Hebrew Highlights 138 - Voting
Shalom, this is Yuval Shomron coming to you from Jerusalem.
1SA 9:2, “And Kish had a son whose name was Saul, a choice and handsome man, and there was not a more handsome person than he among the sons of Israel; from his shoulders and up he was taller than any of the people.”
Israel’s first king certainly looked the part. It’s no wonder the media today flashes picture after picture of the candidates, sometimes using camera angles and particular shots to make a particular man look more palatable.
In the recent elections in Afghanistan, where some 90% of the people are illiterate, voters made their choices by checking a box next to a photo.
However, just as you cannot tell a book by its cover, you cannot size up a man by his physical looks. Let’s take a look at how the “election” of Israel’s first King took place.
1SA 10:17-21, “Thereafter Samuel called the people together to the Lord at Mizpah; and he said to the sons of Israel, "Thus says the Lord, the God of Israel, 'I brought Israel up from Egypt, and I delivered you from the hand of the Egyptians, and from the power of all the kingdoms that were oppressing you.' "But you today rejected your God, who delivers you from all your calamities and your distresses; yet you have said, 'No, but set a king over us!' Now therefore, present yourselves before the Lord by your tribes and by your clans." Thus Samuel brought all the tribes of Israel near, and the tribe of Benjamin was taken by lot. Then he brought the tribe of Benjamin near by its families, and the Matrite family was taken. And Saul the son of Kish was taken.”
If you have a basic knowledge of Biblical history, you already know that even though God equipped Saul with the anointing he needed to govern, the king made a lot of mistakes and disobeyed direct orders from God. Some of his decisions were made out of greed, and others in an attempt to please the people.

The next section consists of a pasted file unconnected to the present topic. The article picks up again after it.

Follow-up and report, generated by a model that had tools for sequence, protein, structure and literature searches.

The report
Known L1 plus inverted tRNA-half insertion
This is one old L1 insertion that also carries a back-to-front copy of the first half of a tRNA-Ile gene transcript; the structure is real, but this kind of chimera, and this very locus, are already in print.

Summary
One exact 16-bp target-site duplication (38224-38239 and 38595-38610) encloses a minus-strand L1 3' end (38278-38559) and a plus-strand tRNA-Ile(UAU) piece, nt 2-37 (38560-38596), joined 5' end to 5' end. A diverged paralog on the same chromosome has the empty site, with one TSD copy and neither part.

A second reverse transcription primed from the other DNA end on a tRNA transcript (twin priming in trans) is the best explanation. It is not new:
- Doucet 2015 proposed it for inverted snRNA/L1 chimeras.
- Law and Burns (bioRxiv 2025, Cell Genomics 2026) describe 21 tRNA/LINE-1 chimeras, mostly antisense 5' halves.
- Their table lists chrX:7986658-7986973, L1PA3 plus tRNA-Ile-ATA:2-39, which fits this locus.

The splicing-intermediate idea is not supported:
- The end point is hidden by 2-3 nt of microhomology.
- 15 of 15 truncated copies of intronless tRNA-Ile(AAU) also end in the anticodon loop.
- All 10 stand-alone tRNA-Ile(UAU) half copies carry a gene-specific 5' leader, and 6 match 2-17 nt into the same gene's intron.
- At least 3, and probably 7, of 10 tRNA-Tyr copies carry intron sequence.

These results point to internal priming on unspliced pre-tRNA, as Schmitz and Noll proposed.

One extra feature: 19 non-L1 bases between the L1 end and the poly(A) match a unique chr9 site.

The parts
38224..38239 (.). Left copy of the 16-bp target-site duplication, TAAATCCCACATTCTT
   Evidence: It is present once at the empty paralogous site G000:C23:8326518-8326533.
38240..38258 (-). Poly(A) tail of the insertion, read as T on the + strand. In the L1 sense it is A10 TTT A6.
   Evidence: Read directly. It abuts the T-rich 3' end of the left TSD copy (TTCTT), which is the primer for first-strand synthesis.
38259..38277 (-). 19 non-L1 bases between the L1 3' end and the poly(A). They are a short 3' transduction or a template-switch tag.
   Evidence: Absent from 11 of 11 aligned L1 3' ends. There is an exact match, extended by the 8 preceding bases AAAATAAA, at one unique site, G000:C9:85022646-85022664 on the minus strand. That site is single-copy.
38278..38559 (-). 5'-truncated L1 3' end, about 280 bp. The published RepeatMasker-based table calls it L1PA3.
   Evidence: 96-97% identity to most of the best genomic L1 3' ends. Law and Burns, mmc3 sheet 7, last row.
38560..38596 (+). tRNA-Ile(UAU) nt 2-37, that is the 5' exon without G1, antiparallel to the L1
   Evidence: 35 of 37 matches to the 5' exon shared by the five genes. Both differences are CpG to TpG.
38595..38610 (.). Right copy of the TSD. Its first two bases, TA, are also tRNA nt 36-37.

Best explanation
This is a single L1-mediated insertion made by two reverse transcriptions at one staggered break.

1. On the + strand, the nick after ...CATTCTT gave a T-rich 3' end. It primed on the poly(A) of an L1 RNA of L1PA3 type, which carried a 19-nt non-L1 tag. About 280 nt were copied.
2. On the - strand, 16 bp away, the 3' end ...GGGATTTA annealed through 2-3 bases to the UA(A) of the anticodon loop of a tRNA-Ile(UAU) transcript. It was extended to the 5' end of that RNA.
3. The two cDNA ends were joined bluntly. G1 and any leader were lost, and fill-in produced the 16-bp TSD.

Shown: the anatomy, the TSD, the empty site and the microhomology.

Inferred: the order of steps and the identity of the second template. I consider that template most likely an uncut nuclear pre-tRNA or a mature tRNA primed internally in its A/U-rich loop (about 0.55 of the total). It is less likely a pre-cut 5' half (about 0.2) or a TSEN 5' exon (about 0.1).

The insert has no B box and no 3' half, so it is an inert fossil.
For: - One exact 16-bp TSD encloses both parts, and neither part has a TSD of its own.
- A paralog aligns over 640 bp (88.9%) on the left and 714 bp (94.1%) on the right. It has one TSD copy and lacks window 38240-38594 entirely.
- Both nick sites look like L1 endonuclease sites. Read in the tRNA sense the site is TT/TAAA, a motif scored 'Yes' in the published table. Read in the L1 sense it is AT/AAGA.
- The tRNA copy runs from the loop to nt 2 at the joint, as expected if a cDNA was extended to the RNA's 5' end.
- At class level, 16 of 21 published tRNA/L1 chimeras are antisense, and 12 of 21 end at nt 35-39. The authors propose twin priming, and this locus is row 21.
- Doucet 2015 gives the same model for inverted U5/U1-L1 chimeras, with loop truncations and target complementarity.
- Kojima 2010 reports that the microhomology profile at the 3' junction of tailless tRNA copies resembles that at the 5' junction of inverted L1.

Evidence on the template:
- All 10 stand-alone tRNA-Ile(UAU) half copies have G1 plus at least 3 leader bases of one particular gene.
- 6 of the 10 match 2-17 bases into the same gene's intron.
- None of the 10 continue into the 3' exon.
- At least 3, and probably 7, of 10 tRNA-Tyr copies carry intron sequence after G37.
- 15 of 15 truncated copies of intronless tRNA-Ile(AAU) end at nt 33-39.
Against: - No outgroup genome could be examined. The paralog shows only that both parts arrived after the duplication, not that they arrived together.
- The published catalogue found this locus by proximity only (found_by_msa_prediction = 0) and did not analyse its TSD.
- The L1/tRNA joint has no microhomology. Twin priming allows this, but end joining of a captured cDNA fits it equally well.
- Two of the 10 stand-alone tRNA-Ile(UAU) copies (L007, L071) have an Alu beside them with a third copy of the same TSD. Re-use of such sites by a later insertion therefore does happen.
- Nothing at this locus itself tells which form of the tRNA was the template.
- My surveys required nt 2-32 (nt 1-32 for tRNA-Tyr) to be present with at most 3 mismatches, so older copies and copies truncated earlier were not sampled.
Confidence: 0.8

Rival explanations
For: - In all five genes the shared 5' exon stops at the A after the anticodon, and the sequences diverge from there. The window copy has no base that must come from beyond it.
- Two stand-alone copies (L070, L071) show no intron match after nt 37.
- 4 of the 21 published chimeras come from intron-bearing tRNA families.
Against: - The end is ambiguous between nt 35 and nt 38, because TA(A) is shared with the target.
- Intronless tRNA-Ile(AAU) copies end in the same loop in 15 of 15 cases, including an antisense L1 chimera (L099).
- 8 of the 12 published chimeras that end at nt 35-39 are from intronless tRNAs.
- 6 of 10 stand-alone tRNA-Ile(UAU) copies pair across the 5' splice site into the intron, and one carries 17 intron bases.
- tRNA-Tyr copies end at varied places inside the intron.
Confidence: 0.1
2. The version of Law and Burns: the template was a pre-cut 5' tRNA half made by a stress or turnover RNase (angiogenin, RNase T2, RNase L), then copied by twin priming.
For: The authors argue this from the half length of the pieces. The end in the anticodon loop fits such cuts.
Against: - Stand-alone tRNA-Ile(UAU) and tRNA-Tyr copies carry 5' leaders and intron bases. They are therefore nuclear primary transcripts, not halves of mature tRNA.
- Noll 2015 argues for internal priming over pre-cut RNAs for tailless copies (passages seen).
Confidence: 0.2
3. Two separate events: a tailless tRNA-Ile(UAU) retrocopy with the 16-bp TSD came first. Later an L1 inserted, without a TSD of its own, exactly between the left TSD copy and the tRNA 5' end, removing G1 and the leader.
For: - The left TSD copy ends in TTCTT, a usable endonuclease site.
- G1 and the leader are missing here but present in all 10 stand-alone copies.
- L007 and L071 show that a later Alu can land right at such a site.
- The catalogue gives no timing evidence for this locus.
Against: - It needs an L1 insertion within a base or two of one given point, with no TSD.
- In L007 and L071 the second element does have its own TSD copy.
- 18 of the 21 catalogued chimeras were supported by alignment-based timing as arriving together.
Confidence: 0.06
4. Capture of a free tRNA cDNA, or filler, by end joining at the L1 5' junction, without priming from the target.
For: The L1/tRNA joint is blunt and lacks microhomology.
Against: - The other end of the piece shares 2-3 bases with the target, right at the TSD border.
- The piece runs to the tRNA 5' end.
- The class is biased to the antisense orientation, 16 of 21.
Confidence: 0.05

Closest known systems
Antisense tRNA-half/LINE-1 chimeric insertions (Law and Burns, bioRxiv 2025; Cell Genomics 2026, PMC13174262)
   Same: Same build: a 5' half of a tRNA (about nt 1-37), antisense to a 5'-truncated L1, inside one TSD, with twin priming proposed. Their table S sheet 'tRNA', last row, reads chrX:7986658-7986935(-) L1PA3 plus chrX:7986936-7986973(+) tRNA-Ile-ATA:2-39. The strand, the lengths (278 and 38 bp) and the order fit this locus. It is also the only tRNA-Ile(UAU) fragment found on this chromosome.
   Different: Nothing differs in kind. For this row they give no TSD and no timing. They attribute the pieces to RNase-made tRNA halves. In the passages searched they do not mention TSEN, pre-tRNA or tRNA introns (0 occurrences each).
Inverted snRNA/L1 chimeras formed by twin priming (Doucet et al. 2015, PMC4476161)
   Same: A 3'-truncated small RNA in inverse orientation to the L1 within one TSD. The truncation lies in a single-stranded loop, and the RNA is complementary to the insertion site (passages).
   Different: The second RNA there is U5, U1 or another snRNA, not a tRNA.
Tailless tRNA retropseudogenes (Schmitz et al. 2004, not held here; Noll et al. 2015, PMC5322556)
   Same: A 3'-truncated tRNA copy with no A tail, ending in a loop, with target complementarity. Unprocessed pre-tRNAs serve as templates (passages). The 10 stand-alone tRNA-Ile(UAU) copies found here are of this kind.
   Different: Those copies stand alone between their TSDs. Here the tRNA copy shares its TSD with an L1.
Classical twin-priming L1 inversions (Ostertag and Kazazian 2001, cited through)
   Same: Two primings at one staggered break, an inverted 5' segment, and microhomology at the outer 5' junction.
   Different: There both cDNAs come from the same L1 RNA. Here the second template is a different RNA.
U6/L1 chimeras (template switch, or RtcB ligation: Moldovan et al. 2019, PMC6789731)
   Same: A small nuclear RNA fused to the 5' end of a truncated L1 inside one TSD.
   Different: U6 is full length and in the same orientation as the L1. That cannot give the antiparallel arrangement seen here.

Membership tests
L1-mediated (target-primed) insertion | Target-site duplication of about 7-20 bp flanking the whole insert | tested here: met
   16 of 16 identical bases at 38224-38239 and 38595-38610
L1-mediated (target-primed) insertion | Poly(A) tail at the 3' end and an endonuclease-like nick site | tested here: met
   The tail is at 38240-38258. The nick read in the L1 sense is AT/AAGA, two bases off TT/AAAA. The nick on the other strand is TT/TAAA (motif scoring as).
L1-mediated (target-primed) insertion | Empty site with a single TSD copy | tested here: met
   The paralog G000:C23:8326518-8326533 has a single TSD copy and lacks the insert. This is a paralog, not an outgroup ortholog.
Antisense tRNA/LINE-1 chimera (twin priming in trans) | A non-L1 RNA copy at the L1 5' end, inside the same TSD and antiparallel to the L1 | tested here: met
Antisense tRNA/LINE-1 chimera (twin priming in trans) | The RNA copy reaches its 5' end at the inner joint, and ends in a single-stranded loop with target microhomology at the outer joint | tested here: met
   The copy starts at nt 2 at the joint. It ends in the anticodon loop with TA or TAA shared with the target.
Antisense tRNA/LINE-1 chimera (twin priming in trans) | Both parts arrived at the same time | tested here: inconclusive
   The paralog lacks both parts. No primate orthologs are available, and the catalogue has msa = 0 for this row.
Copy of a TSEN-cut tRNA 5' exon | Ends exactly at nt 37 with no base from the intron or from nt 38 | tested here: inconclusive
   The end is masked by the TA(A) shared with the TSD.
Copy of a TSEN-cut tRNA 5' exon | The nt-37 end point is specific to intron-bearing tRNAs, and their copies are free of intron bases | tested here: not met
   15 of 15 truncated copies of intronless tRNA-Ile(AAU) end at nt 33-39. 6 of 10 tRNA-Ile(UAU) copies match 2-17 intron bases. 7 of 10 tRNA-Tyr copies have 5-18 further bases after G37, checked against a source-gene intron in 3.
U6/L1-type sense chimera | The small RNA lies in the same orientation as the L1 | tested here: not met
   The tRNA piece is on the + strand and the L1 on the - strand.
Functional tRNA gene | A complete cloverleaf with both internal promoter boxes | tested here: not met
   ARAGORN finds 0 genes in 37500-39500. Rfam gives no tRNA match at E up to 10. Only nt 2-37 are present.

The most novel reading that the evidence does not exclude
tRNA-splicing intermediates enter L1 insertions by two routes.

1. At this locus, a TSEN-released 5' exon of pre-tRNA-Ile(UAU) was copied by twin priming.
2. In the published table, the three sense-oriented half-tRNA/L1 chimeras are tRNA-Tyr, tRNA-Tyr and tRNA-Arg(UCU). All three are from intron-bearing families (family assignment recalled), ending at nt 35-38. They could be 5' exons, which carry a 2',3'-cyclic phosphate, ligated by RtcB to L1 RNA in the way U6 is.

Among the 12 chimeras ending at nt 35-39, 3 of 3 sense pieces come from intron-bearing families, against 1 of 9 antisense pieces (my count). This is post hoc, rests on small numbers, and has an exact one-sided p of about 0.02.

Let’s see what happened next. 1SA 16:1 Now the Lord said to Samuel, "How long will you grieve over Saul, since I have rejected him from being king over Israel? Fill your horn with oil, and go; I will send you to Jesse the Bethlehemite, for I have selected a king for Myself among his sons."
1SA 16:7 But the Lord said to Samuel, "Do not look at his appearance or at the height of his stature, for God sees not as man sees, for man looks at the outward appearance, but the Lord looks at the heart."
Even though Samuel had anointed Saul, he was chosen by lot. This could be compared to throwing dice or drawing straws. In those days it would have been seen as a democratic process, and therefore compares to today’s elections.
However, when it came time for a new king to be chosen, God had a different idea, as we see in the following passage. 1SA 16:10-13, “Thus Jesse made seven of his sons pass before Samuel. But Samuel said to Jesse, "The Lord has not chosen these." And Samuel said to Jesse, "Are these all the children?" And he said, "There remains yet the youngest, and behold, he is tending the sheep." Then Samuel said to Jesse, "Send and bring him; for we will not sit down until he comes here." So he sent and brought him in. Now he was ruddy, with beautiful eyes and a handsome appearance. And the Lord said, "Arise, anoint him; for this is he." Then Samuel took the horn of oil and anointed him in the midst of his brothers; and the Spirit of the Lord came mightily upon David from that day forward.”
In most Western countries today, the leaders do not have the absolute power afforded to kings. However, their decisions still affect the lives of their people, and in some cases, the population of the entire world.
I believe that God will use any leader a people chooses, and will at least offer the tools needed to govern well. Yet, he will not push His will on anyone. Just as in the case of Saul, the king, or president, or prime minister might choose to ignore God, and therefore suffer the consequences. Unfortunately, those consequences will be passed on to every citizen under his authority.
As voters, we need to try to make our choice through God’s eyes. If possible, we need to explore the heart of our candidate. Does he seek God for guidance? Does he believe in the basic tenants of the Bible? Does he openly express his faith?
If none of the candidates in a particular election posses any of these Godly characteristics, then we need to get on our knees and pray for our country.
However, if one candidate sticks out as God’s most likely partner, we need to support him in every way. We need to pray. We need to vote. We need to pray again.
Shalom Shalom from Jerusalem